Schneier: I think it is going back and forth. We’re living in an era right now in which, in some misguided attempt to make us safe from terrorism, we are putting ourselves at risk to all sorts of other things. There is this massive loss of privacy that’s happening everywhere. That’s going to change. That’s not going to make us safer from terrorism, and it’s going to cause lots of other risks. Eventually, maybe in ten or twenty years, we’re going to have comprehensive data-privacy laws in this country and in most other countries.

I take solace in a quote by Martin Luther King Jr.: “The arc of history is long, but it bends toward justice.” Things happen slowly, but they are getting better. One hundred years ago, half of us couldn’t vote. Two hundred years ago, some of us were slaves. Things do get better. They get better slowly.

MP: At DEFCON 15 in August 2007, you noted that data is the pollution of the information age. Can you elaborate on that?

Schneier: That’s a good metaphor. Data is the pollution problem in the information age in the same way that pollution was the pollution problem in the industrial age. All processes today produce data. Every computer process produces data. Data stays around.

Data festers, and how we deal with it—how we recycle it, reuse it, dispose of it, what the regulations are concerning it—is central to the information age. Just as in the industrial age, we’re largely ignoring the problem in a rush to get new technology, and twenty, thirty, fifty years from now we’re going to be cleaning up massive data problems—just like we’re cleaning up massive pollution problems today.

There is a notion of data decay, and some people have written about the fact that computers should be programmed to forget things, that remembering stuff forever is not necessarily good. That’s a very complex, really philosophical issue, and there is no time to go into it now, but it is well worth thinking about. . . . There are some really good thinkers thinking about what it means to live in a society where people never forget. This is the first time in the history of our civilization that we’ve had that possibility. Is that a good thing or not? I don’t know.

MP: Many CIOs and ISOs are struggling with how to measure the success of their security programs. Are there metrics or methods that you recommend for demonstrating success to upper management?

Schneier: This is hard. The hard part about demonstrating success is the lack of data, so one of two things happens. You have a good security program, and you don’t get hacked. Is that because you have a good security program or because there’s no risk? How do you prove one and not the other? It’s very hard without data. On the streets, it’s easy: you can go to your police department, or your newspaper, and get the crime statistics for the neighborhood you live in. You know exactly how safe you are.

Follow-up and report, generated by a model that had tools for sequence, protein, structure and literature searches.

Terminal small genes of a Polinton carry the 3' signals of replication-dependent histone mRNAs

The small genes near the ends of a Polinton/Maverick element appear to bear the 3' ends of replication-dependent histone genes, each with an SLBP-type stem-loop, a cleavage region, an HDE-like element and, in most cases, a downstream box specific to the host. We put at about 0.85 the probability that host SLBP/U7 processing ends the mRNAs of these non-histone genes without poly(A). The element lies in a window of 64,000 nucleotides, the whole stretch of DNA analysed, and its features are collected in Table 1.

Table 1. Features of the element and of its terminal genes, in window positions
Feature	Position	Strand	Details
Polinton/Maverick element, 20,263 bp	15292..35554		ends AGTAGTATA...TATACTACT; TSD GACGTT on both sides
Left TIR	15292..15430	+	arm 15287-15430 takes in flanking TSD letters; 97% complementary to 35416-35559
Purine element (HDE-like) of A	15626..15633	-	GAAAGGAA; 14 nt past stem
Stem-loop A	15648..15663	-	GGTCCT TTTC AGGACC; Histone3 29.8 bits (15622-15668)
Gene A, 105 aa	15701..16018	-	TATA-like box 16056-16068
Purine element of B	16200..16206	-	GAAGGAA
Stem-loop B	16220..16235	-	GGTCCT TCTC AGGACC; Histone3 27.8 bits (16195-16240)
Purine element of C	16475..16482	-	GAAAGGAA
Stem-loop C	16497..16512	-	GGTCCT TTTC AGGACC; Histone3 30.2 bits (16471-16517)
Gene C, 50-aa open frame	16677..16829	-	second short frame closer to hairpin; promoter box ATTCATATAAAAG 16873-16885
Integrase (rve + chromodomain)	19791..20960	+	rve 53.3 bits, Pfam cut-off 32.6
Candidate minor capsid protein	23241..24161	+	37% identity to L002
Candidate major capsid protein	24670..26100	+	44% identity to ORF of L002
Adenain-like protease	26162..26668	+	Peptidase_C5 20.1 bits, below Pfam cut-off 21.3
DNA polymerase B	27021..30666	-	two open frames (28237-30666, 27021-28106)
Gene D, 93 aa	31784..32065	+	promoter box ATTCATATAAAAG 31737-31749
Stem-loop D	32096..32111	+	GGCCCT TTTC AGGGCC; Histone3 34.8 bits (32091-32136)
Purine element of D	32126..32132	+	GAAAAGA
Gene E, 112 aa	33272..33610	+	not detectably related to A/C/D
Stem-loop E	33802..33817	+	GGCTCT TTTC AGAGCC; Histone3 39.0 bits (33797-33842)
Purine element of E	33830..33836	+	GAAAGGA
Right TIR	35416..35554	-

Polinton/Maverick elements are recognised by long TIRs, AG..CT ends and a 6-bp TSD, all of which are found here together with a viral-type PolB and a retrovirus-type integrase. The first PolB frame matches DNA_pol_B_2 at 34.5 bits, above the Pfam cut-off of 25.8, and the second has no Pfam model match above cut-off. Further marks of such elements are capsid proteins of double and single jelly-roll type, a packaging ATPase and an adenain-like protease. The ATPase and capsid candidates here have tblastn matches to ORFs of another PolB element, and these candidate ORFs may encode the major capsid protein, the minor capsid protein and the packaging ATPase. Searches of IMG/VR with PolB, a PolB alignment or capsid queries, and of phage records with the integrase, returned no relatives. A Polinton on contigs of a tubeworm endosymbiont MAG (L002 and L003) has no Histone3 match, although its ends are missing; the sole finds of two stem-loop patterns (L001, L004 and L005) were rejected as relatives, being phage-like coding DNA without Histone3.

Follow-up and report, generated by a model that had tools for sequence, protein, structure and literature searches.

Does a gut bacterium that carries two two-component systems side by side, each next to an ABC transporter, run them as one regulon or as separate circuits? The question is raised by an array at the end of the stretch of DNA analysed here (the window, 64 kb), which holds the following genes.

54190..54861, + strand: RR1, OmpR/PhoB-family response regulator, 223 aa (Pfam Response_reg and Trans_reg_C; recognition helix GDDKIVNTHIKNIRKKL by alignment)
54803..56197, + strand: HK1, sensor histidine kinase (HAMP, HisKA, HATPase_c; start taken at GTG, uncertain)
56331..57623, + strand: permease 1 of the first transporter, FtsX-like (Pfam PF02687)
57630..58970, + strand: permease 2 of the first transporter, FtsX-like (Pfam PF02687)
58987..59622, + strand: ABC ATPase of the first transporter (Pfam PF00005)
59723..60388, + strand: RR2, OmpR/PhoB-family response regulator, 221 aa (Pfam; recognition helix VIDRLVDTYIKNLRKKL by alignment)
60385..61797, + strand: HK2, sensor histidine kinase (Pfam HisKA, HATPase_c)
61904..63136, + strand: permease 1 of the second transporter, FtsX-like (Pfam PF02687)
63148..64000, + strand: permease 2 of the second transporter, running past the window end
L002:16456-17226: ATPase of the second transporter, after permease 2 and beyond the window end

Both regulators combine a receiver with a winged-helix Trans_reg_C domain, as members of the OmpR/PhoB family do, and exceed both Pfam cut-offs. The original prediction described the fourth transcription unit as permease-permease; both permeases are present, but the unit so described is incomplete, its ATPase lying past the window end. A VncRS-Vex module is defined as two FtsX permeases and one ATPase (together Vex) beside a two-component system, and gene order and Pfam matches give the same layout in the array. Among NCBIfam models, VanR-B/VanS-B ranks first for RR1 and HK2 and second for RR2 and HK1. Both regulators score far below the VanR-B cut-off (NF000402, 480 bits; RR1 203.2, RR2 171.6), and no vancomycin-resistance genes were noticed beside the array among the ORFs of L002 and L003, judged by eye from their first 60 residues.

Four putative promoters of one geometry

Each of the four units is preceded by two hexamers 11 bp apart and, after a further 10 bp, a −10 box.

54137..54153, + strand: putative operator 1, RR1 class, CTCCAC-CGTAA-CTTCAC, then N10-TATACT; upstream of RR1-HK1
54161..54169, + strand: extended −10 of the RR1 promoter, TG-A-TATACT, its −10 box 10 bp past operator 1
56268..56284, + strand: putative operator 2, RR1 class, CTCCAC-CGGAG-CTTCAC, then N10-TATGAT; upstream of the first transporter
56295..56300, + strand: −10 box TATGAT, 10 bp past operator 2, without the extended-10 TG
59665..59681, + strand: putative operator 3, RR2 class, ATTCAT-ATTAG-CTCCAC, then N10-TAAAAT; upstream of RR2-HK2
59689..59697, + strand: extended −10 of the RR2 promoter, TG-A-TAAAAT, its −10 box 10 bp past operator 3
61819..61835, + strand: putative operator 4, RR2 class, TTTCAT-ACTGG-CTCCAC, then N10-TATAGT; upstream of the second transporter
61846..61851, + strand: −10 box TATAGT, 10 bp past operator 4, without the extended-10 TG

You can’t do that on the net. We just don’t have that data, so it’s very hard to demonstrate the success of a security program. It’s even worse when you’re dealing with rare events. If you have an event that happens very, very rarely, did you prevent it, or did it just not happen? We have this problem in our country with terrorism. It is a very rare event, and we do some really ridiculous things to try to prevent terrorism, but it’s hard to prove whether these things were effective, because there’s no data.

MP: Are there any ethical boundaries that we need to start thinking about in relationship to security, privacy, and the professionals who occupy security and privacy positions?

Schneier: I tend not to rely on ethics. Ethics involve social norms. I like to see economic incentives. I think they work better than social norms. Social norms do work. There is less bicycle theft in Japan because people don’t steal your bicycles, so you don’t need as good a lock in Japan as you do in the United States. That’s entirely a social norm providing security, and you see a lot of that in IT. But if you can get an economic incentive, I think you’re doing better.

MP: If you could make one call to action for security professionals in higher education, what would it be?

Schneier: To think of your networks dynamically. We’re living in a world where things change all the time, and in universities, things change faster—not just because each year you have a new student body that is doing the new things that they’ve discovered no one else does, but also because you have, on the other side, the research professors who are doing the new things that haven’t been talked about yet. There are a lot of dangers in that, and a lot of additional risks, but there are also a lot of opportunities for you to see solutions and ideas that might not come to the rest of us until a year or two later. So I want people to talk. I want people to write. I think the experiences in academia are things that the rest of us can really make use of. The more I read about your experiences, the better I am.